The Miami Floridians, later in their history known simply as The Floridians, were a professional basketball franchise in the original, now-defunct American Basketball Association. From 1968-70 they were the Miami Floridians; from 1970-72 they became simply The Floridians. The team had two color schemes: their original red, blue, and white, and their later black, magenta, and orange.
The Miami Floridians were the new name of the charter ABA franchise formerly known as the Minnesota Muskies, who played in Bloomington, Minnesota at the Met Center and wore blue and gold. The Floridians never did attract a large following, but the team did manage to make the playoffs three out of the four years of their existence.
The 1968-69 season was the most successful by far, as they finished their first season in Florida with a 43-35 record and defeated the Minnesota Pipers in the Eastern Division semifinals 4 games to 3 before losing in the divisional finals to the Indiana Pacers 4 games to 1.
The 1969-70 season was largely forgettable. The team missed the playoffs and, just as unfortunate, the team was forced to play its "home" games in several cities: Miami at the Miami Beach Convention Hall, Tampa-St. Petersburg at the Curtis Hixon Hall and Bayfront Arena, Jacksonville at the Jacksonville Memorial Coliseum, in West Palm Beach, and even, though briefly, at Dinner Key Auditorium. The team's original owner sold the Miami Floridians at the end of the season and from that point on, the team was simply known as "The Floridians."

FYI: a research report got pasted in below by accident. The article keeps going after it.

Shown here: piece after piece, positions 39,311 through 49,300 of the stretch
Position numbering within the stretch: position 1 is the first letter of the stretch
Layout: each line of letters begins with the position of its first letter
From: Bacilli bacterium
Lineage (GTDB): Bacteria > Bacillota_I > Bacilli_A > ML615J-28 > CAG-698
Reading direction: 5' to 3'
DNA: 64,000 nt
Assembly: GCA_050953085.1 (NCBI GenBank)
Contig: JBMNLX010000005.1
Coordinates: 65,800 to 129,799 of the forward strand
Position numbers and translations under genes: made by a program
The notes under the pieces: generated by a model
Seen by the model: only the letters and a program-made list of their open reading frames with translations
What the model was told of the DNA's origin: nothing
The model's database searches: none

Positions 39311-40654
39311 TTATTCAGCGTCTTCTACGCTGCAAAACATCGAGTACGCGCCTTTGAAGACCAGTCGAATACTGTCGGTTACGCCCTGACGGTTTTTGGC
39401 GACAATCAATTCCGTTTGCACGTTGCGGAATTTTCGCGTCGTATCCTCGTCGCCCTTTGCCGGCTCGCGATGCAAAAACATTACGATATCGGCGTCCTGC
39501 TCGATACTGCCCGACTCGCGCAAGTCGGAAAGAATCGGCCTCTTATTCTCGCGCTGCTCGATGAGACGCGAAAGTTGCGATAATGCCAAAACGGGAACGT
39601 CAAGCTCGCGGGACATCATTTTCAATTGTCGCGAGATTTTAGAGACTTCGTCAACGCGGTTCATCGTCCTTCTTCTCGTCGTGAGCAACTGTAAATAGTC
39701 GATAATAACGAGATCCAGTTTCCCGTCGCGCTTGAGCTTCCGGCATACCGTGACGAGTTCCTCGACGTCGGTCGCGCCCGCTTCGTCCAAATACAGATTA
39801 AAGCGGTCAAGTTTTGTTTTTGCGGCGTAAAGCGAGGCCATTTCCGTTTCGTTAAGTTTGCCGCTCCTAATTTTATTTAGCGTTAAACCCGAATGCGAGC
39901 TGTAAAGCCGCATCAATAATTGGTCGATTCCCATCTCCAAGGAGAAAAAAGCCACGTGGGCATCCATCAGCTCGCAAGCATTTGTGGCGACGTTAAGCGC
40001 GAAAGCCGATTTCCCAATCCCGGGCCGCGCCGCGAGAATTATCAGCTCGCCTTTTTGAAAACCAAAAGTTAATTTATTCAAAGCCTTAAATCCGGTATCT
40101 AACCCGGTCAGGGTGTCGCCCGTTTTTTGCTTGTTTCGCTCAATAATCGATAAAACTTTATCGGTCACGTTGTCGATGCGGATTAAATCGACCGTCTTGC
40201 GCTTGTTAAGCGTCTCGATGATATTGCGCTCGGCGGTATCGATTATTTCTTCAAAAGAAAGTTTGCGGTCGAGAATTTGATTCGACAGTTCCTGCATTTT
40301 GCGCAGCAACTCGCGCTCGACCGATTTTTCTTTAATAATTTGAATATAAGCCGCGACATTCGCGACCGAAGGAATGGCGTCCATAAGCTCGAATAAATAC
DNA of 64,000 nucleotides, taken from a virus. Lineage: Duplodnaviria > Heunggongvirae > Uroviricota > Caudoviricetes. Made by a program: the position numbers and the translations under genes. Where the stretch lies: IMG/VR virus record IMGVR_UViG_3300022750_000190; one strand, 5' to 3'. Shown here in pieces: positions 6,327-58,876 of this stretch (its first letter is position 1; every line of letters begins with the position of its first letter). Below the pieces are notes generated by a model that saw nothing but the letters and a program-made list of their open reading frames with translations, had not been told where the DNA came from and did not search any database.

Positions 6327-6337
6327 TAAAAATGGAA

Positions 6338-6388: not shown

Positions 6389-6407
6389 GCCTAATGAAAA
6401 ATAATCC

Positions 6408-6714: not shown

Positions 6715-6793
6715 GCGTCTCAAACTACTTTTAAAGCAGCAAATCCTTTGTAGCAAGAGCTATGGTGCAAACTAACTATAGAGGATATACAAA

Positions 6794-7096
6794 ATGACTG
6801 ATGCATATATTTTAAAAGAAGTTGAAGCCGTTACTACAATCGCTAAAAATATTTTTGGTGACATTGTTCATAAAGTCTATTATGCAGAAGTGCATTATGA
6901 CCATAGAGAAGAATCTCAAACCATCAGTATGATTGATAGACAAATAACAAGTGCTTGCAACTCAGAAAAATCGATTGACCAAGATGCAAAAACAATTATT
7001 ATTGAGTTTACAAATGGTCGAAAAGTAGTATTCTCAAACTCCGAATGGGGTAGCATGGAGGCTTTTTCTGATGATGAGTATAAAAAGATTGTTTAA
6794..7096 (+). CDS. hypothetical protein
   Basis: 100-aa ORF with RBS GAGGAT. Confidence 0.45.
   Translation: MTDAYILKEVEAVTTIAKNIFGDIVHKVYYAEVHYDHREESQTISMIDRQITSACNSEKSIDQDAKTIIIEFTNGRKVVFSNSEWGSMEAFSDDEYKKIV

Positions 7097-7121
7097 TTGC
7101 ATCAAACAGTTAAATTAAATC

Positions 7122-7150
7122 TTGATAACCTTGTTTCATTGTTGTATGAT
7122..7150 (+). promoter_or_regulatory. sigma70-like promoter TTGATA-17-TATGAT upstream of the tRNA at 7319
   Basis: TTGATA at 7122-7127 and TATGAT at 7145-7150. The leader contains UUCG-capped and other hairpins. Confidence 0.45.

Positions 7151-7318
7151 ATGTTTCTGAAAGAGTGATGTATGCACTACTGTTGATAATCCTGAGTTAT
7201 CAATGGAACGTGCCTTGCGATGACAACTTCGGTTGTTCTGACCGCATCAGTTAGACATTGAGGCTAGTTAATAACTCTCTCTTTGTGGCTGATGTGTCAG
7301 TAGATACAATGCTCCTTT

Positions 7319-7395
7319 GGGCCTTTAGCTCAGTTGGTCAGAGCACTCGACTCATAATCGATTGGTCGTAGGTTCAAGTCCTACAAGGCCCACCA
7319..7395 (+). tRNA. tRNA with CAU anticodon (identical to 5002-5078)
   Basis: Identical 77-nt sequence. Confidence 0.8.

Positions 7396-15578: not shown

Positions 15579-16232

Eventually Floridians owner Ned Doyle disbanded the franchise after the 1971-72 season and another professional basketball team would not enter Florida until the 1988 expansion Miami Heat played their first NBA season. The Orlando Magic followed a year later. The Heat wore replicas of the 1970-71 Floridians uniforms for seven dates in 2005-06 as part of the NBA's "Hardwood Classics" program. During these games Heat dancers wore bikinis with white go-go boots like their Floridian predecessors.